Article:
“Ktown Cowboys” is premiering in select North American theaters on March 18.
The Hollywood production provides a heartfelt and comedic examination of the challenges faced by five Korean-American friends, who attempt to gain love and success in Los Angeles, Koreatown.
Screenwriter and comedian Danny Cho leads the cast as Danny, a stand-up comic who is plagued by delusions of unattainable fame. His bawdy humor is offset by the tribulations of Sunny, the son of liquor store proprietors and a restauranteur, portrayed by Sunn Wee. Sunny attempts to balance filial obligations with his own pursuit of happiness.
Bobby Choy, who performs under the stage name Big Phony, is Robby, an adoptee whose Korean heritage is off-set by his suburban, American upbringing.
Peter Jae tackles the role of Peter, a design student who is seemingly out of place within the fashion world.
Shane Yoon rounds out the cast as Jason, a financially privileged businessman who unexpectedly falls upon difficult times.
The coming-of-age flick debuted at South by Southwest (SXSW) 2015, before going into limited release. KpopStarz sat down with the cast for an interview, during the preeminent music, film, and technology event.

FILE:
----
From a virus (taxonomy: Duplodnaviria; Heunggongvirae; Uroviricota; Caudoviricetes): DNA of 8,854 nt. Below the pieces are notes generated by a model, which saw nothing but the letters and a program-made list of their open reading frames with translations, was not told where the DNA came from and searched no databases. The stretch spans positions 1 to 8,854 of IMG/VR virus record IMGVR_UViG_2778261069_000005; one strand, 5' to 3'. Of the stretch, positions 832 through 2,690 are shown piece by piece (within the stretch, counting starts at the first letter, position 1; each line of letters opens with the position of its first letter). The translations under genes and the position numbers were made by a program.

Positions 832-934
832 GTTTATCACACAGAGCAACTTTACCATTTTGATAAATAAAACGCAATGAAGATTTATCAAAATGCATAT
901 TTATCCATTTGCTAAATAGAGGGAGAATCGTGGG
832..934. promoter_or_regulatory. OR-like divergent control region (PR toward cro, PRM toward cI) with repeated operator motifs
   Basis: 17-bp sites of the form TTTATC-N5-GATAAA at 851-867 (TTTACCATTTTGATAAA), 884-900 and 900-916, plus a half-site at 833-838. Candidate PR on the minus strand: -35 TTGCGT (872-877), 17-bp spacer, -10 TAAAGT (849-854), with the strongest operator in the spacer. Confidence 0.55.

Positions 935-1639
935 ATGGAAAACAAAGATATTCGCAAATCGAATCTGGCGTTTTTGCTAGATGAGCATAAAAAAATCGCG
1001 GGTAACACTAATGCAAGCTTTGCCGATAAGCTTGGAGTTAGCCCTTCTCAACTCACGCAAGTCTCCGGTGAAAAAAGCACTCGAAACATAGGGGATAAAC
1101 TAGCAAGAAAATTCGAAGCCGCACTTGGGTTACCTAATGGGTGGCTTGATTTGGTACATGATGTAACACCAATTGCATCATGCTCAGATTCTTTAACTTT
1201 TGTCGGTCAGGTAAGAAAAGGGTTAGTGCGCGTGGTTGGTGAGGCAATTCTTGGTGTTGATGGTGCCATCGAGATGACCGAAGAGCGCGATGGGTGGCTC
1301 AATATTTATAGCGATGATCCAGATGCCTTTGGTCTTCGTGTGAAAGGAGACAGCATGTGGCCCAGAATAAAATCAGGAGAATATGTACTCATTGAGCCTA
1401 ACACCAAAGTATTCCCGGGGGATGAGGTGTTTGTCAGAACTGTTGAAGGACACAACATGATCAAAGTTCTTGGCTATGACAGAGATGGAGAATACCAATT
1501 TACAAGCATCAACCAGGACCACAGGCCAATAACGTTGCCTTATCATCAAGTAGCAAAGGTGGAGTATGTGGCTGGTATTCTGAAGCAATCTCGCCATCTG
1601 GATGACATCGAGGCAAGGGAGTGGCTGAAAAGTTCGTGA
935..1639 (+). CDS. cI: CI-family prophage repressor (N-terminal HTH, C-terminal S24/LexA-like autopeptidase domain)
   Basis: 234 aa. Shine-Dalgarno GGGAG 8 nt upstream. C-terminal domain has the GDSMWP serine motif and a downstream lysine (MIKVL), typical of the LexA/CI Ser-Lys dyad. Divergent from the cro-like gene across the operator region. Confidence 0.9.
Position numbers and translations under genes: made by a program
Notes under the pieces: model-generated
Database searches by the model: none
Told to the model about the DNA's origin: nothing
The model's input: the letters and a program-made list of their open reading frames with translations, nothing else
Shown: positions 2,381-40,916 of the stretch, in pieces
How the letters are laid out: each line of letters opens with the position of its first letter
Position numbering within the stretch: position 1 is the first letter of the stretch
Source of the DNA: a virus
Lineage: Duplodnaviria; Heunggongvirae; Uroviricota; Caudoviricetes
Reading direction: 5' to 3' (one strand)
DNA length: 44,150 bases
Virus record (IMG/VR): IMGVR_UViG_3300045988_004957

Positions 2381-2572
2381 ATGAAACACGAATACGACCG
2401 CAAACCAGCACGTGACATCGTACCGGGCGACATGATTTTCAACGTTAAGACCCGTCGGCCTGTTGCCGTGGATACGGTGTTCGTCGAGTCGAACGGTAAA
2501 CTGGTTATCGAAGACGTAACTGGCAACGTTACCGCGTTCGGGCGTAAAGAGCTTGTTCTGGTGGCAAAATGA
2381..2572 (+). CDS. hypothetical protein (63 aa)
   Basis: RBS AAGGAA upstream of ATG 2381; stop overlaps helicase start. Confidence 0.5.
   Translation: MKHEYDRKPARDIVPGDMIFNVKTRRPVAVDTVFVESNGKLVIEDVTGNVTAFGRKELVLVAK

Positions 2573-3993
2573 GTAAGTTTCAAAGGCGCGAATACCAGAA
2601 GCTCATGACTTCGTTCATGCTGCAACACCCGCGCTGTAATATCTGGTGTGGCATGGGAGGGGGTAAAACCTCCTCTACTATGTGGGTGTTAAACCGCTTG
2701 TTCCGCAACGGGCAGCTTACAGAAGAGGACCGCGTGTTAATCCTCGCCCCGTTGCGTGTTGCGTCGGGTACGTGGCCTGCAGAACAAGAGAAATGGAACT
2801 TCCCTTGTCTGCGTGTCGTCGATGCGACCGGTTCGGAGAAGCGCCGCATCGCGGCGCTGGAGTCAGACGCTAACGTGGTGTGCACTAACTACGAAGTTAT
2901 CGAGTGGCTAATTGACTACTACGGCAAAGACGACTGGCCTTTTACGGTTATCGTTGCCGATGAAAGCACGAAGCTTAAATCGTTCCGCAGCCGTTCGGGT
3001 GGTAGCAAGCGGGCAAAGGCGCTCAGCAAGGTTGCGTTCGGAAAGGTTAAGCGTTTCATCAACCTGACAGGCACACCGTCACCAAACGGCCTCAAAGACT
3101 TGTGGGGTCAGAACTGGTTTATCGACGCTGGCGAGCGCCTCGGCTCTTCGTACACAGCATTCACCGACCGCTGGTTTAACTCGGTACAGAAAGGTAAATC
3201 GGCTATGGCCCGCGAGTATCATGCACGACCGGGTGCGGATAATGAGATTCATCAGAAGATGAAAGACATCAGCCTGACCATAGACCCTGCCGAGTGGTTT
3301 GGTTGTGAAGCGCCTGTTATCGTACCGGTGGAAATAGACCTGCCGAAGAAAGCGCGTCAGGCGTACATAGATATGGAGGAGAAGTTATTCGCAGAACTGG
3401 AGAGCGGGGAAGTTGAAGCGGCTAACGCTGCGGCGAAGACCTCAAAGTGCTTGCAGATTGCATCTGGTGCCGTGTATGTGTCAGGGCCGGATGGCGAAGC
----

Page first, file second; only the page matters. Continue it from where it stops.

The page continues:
Danny Cho weighed in on the motivation for setting the film within LA Koreatown.
“Before we shot the web series, no one had ever focused on K-Town,” said Cho. “That’s where the director and I spent most of our formative years, partying. I thought that would be interesting and we knew that most people didn’t know about it. Once the web series came out, The Food Network visited Koreatown. Anthony Bourdain was eating at Sizzler, for some reason.”
He went on to describe the juxtapositions between Koreatown and the land which has served as the launching point of the Hallyu Wave.
“K-Town is not necessarily full blown Korean culture,” said Cho. “It’s Korean-American culture and it’s different from Korean culture. I don’t want people to think this is Korean culture because it’s not; it’s kind of a like an older version of it. I like to think of it as a 1980’s version of Korean culture. That’s when my parents immigrated and they never went back. It’s like the culture stopped.”
“Ktown Cowboys” premieres in select theaters on March 18, with screenings in Los Angeles at CGV Cinemas, New York City’s AMC Empire 25 theater, AMC Metreon 16 in San Francisco, and Cinema Arts Theater in Virginia.
Screenings will also be accompanied by select after-party events featuring “Ktown Cowboys” cast members.
For more information, including ticketing and showtimes, visit the website for ” Ktown Cowboys .”